3.4.1 Commands for Creating OCFS2 Volumes

You use the mkfs.ocfs2 command to create an OCFS2 volume on a device. If you want to label the volume and mount it by specifying the label, the device must correspond to a partition. You cannot mount an unpartitioned disk device by specifying a label.

The following table describes some useful options that you can use when creating an OCFS2 volume.

Command Option

Description

-b block-size

--block-size block-size

Specifies the unit size for I/O transactions to and from the file system, and the size of inode and extent blocks. The supported block sizes are 512 (512 bytes), 1K, 2K, and 4K. The default and recommended block size is 4K (4 kilobytes).

-C cluster-size

--cluster-size cluster-size

Specifies the unit size for space used to allocate file data. The supported cluster sizes are 4K, 8K, 16K, 32K, 64K, 128K, 256K, 512K, and 1M (1 megabyte). The default cluster size is 4K (4 kilobytes).

--fs-feature-level=feature-level

Enables you select a set of file-system features:

default

Enables support for the sparse files, unwritten extents, and inline data features.

max-compat

Enables only those features that are understood by older versions of OCFS2.

max-features

Enables all features that OCFS2 currently supports.

--fs_features=feature

Enables you to enable or disable individual features such as support for sparse files, unwritten extents, and backup superblocks. For more information, see the mkfs.ocfs2(8) manual page.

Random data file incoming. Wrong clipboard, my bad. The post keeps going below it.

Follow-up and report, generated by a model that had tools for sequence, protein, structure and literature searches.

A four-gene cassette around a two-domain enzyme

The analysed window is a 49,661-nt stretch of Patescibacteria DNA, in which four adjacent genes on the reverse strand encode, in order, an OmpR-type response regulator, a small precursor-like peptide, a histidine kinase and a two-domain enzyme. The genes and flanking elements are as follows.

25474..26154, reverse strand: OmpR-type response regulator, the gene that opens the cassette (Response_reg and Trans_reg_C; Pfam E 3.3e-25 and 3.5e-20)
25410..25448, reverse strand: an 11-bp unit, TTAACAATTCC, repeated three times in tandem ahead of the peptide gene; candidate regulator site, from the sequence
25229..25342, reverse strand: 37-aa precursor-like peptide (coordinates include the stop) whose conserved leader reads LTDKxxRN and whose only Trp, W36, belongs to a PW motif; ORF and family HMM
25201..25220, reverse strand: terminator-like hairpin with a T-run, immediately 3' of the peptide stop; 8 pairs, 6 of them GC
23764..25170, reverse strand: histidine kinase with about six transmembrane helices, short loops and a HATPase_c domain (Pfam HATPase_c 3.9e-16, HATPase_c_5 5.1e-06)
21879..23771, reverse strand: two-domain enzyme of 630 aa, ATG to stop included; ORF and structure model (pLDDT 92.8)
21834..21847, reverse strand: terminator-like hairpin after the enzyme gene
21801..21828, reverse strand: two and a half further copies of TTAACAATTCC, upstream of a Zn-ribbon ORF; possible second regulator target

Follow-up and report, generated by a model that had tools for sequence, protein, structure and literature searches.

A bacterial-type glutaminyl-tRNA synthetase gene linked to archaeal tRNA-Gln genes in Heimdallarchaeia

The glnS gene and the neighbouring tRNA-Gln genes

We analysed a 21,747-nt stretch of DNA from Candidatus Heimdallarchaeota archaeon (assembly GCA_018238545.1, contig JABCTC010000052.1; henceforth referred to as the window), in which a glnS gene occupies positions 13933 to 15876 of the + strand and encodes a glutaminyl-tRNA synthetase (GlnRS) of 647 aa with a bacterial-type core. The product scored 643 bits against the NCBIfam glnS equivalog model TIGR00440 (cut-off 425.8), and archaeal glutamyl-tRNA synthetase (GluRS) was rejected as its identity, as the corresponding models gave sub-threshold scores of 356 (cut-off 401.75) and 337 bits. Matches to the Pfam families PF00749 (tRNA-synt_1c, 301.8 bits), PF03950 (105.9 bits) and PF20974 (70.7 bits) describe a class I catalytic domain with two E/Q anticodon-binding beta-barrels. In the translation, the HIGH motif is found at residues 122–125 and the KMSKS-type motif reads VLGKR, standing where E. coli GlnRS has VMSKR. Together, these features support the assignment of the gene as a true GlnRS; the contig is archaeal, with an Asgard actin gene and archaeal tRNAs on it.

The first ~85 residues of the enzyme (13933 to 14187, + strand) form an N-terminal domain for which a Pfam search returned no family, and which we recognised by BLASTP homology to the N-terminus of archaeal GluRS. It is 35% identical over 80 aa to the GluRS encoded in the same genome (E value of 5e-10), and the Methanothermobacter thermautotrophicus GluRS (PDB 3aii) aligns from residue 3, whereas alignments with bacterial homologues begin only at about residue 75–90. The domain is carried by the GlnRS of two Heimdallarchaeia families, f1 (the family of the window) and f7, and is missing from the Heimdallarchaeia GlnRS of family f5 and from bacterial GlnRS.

-J size=journal-size

--journal-options size=journal-size

Specifies the size of the write-ahead journal. If not specified, the size is determined from the file system usage type that you specify to the -T option, and, otherwise, from the volume size. The default size of the journal is 64M (64 MB) for datafiles, 256M (256 MB) for mail, and 128M (128 MB) for vmstore.

-L volume-label

--label volume-label

Specifies a descriptive name for the volume that allows you to identify it easily on different cluster nodes.

-N number

--node-slots number

Determines the maximum number of nodes that can concurrently access a volume, which is limited by the number of node slots for system files such as the file-system journal. For best performance, set the number of node slots to at least twice the number of nodes. If you subsequently increase the number of node slots, performance can suffer because the journal will no longer be contiguously laid out on the outer edge of the disk platter.

-T file-system-usage-type

Specifies the type of usage for the file system:

datafiles

Database files are typically few in number, fully allocated, and relatively large. Such files require few metadata changes, and do not benefit from having a large journal.

mail

Mail server files are typically many in number, and relatively small. Such files require many metadata changes, and benefit from having a large journal.

vmstore

Virtual machine image files are typically few in number, sparsely allocated, and relatively large. Such files require a moderate number of metadata changes and a medium sized journal.

3.4.2 Suggested Cluster Size Settings

The following table provides suggested recommendations for minimum cluster size settings for different file system size ranges.